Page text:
He did not like the law because it was a Stephen Harper law. I have been on the record many times saying that I do not like very much that Stephen Harper did. However, when a law is the law and one does not like the law, one repeals it. One does not go around behind the scenes because one is trying to help Liberal friends. That is undermining the rule of law.
Then we have Katie Telford, who is still in the Prime Minister's Office and who told the former attorney general's staff that the PMO was not interested in legalities. How can someone run a government when the key people around the Prime Minister do not give a darn about the rule of law?
The former attorney general talked about meeting with Michael Wernick. Michael Wernick resigned today, and I think it was good for the people of Canada that Mr. Wernick resigned, because he had become a political actor and compromised his role.
I had asked the former attorney general if he had threatened her in that December 19 meeting. She responded that he did not threaten her once but threatened her three times.
I asked Mr. Wernick about the nature of those threats, and he said that he could not remember; he was not wearing a wire. We are talking about the Government of Canada, not a Sopranos episode.
This is all swirling around the Prime Minister's Office. A belief I still see from the people in that office today is that they do not understand why people are upset. It is as though helping Liberal friends is how they do business, and if the law has to be broken, well, that is how it is done. They do not seem to understand that they have damaged their credibility even to the point that the OECD anti-bribery unit is now investigating Canada. It is not just a black mark for the Prime Minister's credibility but a black mark for Canada. A company can be charged internationally with bribery, corruption, paying for prostitutes for Gadhafi's son, building prisons and being involved in that whole torture regime, but then all these people have to do is come back and call in to the Prime Minister's Office and it will make it go away.
No wonder the OECD said that all the alarm bells are sounding. We should say that all the alarm bells are sounding for Canadians. We have to do justice better than this in this country. We have to respect the independent role of the Public Prosecution Service.
We still see the Prime Minister's Office attempting to get around this. The new Attorney General was put in and the former attorney general said that his first order of business was going to be SNC-Lavalin. The PMO is still talking about supposed new evidence that allows it to cut a deal and help its friends at SNC-Lavalin despite the fact that this has completely damaged the Prime Minister's credibility on reconciliation and completely damaged his credibility as a so-called feminist prime minister and completely damaged his reputation on accountability, but he still has to deliver for the friends of the Liberal Party.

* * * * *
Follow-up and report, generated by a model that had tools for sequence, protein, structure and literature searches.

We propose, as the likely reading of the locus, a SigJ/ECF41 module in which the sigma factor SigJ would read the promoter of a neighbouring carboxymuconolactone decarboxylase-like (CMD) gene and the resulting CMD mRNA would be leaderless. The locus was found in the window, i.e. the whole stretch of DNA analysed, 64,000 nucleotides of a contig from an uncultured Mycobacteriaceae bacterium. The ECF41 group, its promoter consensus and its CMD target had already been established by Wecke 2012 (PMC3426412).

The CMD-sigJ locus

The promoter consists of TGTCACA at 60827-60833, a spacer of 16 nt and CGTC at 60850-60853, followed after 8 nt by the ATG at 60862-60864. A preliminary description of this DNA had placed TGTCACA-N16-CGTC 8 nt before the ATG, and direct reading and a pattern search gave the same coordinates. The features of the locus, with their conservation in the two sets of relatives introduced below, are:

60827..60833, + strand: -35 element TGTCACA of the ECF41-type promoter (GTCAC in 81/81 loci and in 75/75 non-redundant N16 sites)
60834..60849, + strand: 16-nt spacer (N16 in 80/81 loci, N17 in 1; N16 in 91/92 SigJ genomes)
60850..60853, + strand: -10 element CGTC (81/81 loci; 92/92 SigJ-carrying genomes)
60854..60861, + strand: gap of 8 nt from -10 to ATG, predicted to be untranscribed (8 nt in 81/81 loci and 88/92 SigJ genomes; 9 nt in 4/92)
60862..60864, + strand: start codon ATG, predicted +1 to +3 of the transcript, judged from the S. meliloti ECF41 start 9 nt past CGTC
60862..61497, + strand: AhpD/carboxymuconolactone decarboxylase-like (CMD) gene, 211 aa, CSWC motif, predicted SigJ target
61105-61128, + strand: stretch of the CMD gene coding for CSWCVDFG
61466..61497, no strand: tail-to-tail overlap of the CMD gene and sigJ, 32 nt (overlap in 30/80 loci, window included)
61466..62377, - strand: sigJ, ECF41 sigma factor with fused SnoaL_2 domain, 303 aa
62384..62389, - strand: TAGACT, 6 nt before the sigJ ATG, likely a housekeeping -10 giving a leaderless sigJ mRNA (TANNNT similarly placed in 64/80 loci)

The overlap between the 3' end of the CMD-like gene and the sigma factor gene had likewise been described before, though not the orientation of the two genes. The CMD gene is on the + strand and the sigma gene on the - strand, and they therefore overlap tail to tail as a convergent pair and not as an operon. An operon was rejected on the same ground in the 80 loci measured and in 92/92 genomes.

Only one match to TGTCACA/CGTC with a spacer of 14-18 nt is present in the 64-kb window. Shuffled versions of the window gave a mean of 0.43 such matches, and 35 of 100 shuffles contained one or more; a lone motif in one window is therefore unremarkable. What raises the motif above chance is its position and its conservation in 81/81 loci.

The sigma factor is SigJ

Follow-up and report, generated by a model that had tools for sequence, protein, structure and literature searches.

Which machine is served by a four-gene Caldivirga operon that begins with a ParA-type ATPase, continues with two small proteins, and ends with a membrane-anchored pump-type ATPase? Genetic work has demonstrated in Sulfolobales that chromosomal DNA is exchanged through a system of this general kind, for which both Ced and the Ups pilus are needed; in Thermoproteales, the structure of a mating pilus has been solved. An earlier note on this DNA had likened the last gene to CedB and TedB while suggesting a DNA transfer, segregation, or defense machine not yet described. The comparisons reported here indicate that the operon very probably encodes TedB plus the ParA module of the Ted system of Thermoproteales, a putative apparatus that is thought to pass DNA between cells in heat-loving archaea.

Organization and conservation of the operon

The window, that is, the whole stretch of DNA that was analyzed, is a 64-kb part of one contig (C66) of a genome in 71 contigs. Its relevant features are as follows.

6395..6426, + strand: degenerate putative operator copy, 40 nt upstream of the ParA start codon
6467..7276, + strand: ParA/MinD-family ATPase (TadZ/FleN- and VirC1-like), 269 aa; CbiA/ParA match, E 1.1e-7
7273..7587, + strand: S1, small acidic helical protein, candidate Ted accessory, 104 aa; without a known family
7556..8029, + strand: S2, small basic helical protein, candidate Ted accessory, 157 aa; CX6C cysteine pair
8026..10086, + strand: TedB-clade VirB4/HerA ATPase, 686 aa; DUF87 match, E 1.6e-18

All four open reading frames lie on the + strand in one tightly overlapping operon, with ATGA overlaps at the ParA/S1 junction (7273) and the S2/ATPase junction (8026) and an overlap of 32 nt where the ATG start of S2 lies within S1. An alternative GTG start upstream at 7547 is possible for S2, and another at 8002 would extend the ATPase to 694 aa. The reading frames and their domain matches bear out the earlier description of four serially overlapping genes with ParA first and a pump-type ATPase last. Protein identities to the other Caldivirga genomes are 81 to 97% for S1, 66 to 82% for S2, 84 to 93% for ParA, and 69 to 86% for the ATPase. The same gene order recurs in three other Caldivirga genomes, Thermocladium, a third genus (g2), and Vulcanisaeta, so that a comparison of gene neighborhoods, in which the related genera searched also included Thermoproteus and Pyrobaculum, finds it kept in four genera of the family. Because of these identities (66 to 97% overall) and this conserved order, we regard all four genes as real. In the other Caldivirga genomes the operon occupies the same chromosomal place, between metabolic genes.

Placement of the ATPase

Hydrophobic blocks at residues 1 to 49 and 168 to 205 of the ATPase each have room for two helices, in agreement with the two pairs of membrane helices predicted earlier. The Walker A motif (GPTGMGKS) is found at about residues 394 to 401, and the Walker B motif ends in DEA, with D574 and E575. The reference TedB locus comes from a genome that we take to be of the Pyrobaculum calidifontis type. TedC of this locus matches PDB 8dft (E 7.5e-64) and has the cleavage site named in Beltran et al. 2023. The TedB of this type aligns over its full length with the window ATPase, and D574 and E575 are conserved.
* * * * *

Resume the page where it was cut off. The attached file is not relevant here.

That is the toxic, corrosive power of the 1%, and it is what is driving the Prime Minister's agenda into the ground.
Today the Prime Minister announced a solution to this crisis. He has ignored calls for an independent inquiry. What the Prime Minister sees an independent inquiry is to find a Liberal out doing the hustings and raising cash for the Liberal Party, a Liberal who was involved in Adscam in the worst days of sponsorship, and bring someone back from the sponsorship scandal who is doing fundraising for the Liberal Party to look at whether Liberals broke the law on the independence of the Public Prosecution Service in order to help Liberal friends. That is so politically toxic.
I almost feel we should call Gerry Butts back just to try to help the Prime Minister, the MP forPapineau, get out of this hole that he keeps digging. Liberals do not seem to understand that if they keep going back to that toxic partisan Liberal well, keep going back to the rum-bottle politics with which they have run business on the banks of the Rideau for the last 150 years, keep going back to that toxic relationship of insider friends, it is going to continue to burn the Prime Minister.
I urge the Prime Minister to do the right thing and let the former attorney general speak. I urge him to remove all the hand puppets on the justice committee who are interfering, to stop hiding and come clean with Canadians and tell us just how far he is willing to go in order to help his friends at SNC-Lavalin, even if it means undermining the rule of law in Canada.